The colonnaded Neoclassical entrance between De Balie and Paradiso leads to Max Euweplein, a tiny square hidden from view by the surrounding buildings. The sign carved in stone into the frieze above pillars translates from latin into A wise man does not urinate against the wind. The sign is not in true Latin, however, for that ancient language has no verb ‘to urinate’ . Once you pass through the passage between and under the buildings, you will end up in Max Euweplein surrounded by modern constructions, cafes and restaurants and featuring a larger-than-life chessboard and giant chess pieces stowed away for safekeeping in metal chests next to the board. The chests are open and the chess pieces can be used by anyone and everyone between 10:00 and 20:00 daily. On sunny days chess players, surrounded by a crowd of onlookers, challenge each other to a game in public.
These used to be the grounds of the infamous Amsterdam jail, the Huis van Bewaring. Its circular character still recalls its former use as the jail yard. During World War II this was used as an internment camp for prisoners – including Anne Frank’s family and members of the resistance – before they were transferredto the death camps. The resistance unsuccessfully tried to free the interns twice. Immediately after the liberation, the prison was used to holdNazi collaborators. A memorial plaque commemorates those who were interned here as well as those who led the attempts to liberate it.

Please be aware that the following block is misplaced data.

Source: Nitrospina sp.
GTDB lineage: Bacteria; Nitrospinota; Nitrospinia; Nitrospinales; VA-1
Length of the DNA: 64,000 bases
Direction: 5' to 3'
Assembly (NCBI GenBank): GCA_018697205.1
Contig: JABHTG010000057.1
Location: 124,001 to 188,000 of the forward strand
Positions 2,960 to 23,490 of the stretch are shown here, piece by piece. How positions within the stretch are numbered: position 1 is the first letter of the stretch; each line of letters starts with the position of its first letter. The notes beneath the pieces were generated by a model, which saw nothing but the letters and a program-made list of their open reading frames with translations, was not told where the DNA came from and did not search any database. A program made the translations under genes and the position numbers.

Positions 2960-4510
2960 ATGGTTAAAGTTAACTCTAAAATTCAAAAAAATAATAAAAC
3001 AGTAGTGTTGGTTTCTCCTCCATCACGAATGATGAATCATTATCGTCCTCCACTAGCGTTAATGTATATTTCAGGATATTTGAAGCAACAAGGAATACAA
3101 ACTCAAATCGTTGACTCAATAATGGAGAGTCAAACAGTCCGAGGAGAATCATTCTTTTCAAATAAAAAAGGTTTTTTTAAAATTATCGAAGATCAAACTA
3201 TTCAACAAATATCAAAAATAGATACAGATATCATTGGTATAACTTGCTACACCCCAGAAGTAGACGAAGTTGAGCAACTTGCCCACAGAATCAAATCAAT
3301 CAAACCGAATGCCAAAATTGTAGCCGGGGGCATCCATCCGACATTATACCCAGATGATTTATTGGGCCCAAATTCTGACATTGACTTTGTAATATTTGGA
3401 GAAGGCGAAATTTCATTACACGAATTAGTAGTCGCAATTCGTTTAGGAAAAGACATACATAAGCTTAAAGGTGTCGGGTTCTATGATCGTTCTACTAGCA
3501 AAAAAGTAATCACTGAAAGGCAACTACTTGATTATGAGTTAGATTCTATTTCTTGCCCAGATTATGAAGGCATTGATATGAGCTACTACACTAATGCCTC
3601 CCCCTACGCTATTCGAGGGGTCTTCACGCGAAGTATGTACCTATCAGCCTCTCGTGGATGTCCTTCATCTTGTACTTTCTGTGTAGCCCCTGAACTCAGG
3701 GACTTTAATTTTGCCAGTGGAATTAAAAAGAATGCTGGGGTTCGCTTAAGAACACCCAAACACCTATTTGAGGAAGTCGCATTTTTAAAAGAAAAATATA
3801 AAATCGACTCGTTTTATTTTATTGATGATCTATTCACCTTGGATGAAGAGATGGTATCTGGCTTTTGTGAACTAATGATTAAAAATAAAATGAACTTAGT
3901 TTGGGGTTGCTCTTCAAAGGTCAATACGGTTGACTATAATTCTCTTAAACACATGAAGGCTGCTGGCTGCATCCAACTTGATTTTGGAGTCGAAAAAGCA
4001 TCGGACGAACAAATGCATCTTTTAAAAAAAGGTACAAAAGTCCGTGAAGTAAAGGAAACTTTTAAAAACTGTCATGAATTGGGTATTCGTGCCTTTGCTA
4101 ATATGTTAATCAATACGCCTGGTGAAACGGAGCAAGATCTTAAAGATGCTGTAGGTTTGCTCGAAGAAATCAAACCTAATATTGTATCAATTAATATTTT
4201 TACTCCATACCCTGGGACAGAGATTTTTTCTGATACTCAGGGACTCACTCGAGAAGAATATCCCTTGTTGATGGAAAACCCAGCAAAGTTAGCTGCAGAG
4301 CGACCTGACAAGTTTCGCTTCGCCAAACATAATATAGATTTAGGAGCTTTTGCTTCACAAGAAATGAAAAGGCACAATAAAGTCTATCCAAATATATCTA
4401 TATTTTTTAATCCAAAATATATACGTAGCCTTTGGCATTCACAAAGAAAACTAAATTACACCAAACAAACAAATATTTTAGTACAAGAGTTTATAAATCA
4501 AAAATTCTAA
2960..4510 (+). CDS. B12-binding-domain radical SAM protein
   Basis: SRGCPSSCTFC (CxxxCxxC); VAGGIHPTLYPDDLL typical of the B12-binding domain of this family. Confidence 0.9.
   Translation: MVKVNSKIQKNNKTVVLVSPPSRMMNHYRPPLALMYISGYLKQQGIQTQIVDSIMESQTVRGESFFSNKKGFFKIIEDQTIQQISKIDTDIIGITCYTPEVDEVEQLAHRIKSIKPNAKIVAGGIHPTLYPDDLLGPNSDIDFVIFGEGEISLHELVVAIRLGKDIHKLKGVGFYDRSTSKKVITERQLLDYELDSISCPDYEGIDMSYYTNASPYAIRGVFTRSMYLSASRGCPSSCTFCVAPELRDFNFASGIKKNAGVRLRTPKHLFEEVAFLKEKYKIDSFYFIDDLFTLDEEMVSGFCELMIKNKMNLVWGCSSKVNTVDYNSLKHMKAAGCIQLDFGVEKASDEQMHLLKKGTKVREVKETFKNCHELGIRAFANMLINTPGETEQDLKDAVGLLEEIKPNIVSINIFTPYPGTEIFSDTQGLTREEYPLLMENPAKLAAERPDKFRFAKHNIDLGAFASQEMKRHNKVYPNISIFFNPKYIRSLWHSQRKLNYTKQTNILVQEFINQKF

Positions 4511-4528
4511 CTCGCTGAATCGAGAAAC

The jail was largely demolished and the square rebuilt anew in the 1990s, following an 8-year procedure requiring permits, licenses, amendments and preparations. The square was renamed after Max Euwe, a Dutch scientist and Holland’s only chess world champion in 1935-37. The Max Euwe center is at the house number 30A. The concept of the giant chess board and the chess pieces was proposed to the municipality by a 10-year old school boy.
Nowadays Max Euweplein acts as entertainment area and hosts restaurants, fashion stores, a number of bars, including the city’s Hard Rock Café, a stand-up comedy club and the Holland Casino. Upper stories in the building around the square serve as offices and residential apartments.